Shop in Branch, We Deliver

At the checkout you can choose to have your shopping delivered bagless, in your own carrier bags or you can purchase Waitrose carrier bags at the checkout.

  • If you choose bagless your delivery will arrive in crates and the driver will take away the crates once the shopping has been unpacked. If you provide your own bags at the checkout then Waitrose will deliver your shopping in these bags.
  • If you would like to purchase carrier bags at the checkout cashier will ask you how many bags you require. Waitrose will then charge 5p for each carrier bag requested.
  • If you would like to reuse your own bags, simply hand them to the cashier who will use them to pack your shopping.

Shop Online, We Deliver

You can choose to have your online order delivered bagless, or in carrier bags.

  • If you choose bagless, your delivery will arrive in crates, and once unpacked the driver will take away the crates.
  • If you choose to have your delivery in carrier bags, Waitrose will charge 5p for every £13.86 of shopping ordered*.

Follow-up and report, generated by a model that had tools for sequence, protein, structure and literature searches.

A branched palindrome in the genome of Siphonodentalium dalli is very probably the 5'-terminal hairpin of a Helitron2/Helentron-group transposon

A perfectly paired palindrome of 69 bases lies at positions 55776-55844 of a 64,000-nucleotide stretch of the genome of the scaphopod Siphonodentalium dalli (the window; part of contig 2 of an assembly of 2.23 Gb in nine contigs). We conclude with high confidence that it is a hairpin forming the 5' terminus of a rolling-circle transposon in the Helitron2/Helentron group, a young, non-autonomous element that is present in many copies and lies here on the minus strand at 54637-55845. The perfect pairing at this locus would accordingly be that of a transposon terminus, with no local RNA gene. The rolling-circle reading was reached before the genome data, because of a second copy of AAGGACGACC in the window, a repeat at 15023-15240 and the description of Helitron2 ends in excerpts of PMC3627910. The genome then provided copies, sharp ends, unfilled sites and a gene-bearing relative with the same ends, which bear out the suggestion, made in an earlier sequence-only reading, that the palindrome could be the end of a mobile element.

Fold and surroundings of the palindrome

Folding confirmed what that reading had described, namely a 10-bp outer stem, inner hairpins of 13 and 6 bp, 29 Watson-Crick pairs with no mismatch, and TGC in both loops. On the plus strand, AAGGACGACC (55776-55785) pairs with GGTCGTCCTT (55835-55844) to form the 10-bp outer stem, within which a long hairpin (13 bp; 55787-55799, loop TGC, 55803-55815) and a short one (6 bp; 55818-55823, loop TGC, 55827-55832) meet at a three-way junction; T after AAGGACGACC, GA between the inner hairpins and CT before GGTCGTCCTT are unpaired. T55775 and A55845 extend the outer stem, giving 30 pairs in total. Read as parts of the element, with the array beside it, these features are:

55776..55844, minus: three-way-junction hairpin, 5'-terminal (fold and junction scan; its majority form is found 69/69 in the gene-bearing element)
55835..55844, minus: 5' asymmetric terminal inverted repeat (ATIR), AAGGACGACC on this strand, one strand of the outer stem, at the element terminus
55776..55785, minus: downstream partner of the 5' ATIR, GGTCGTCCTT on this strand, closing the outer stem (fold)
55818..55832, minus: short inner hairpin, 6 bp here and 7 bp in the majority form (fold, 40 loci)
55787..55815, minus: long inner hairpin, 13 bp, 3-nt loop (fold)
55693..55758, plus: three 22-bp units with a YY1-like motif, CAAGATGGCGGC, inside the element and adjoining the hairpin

Shop Online, You Collect

You can choose to have your collection bagless, or in carrier bags.

  • If you choose to have a bagless collection, you will need to bring your own carrier bags to the branch. A Waitrose partner will then pack your order into your carrier bags.
  • If you choose to have your collection already prepared in carrier bags, Waitrose will charge 5p for every £13.86 of shopping ordered*.

* We have developed this charging calculation after conducting research on more than 10,000 Waitrose online orders. Our data shows that an average carrier bag in a Waitrose online order contains £13.86 of shopping and this is the assumption we use to inform us how much to charge for carrier bags for your online order.
(Example: If you order £100 of online shopping we know that typically this will require 7 carrier bags. We will, therefore, charge you 35p which is the equivalent of 7 bags at a cost of 5p each).

Recycling

Waitrose has recycled packaging materials such as cardboard and plastic from its shops and distribution centres for more than 20 years. As part of our legal packaging obligation, Waitrose spends almost £1 million a year to help recycle consumer packaging.

We also encourage customer recycling and our Waitrose shops offer recycling facilities for customers where feasible, the only limiting factors are space or local collection arrangements. As part of our commitment to encouraging customers to recycle, we provide recycling points for plastic carrier bags in Waitrose shops; our five Food & Home shops offer mobile phone recycling; and in 2010 we introduced battery recycling facilities in our shops.

Waitrose also supports websites Recycle Now and Recycle More (these links open in new windows) that enable consumers to identify their nearest recycling centre and, importantly, the types of materials that can be recycled.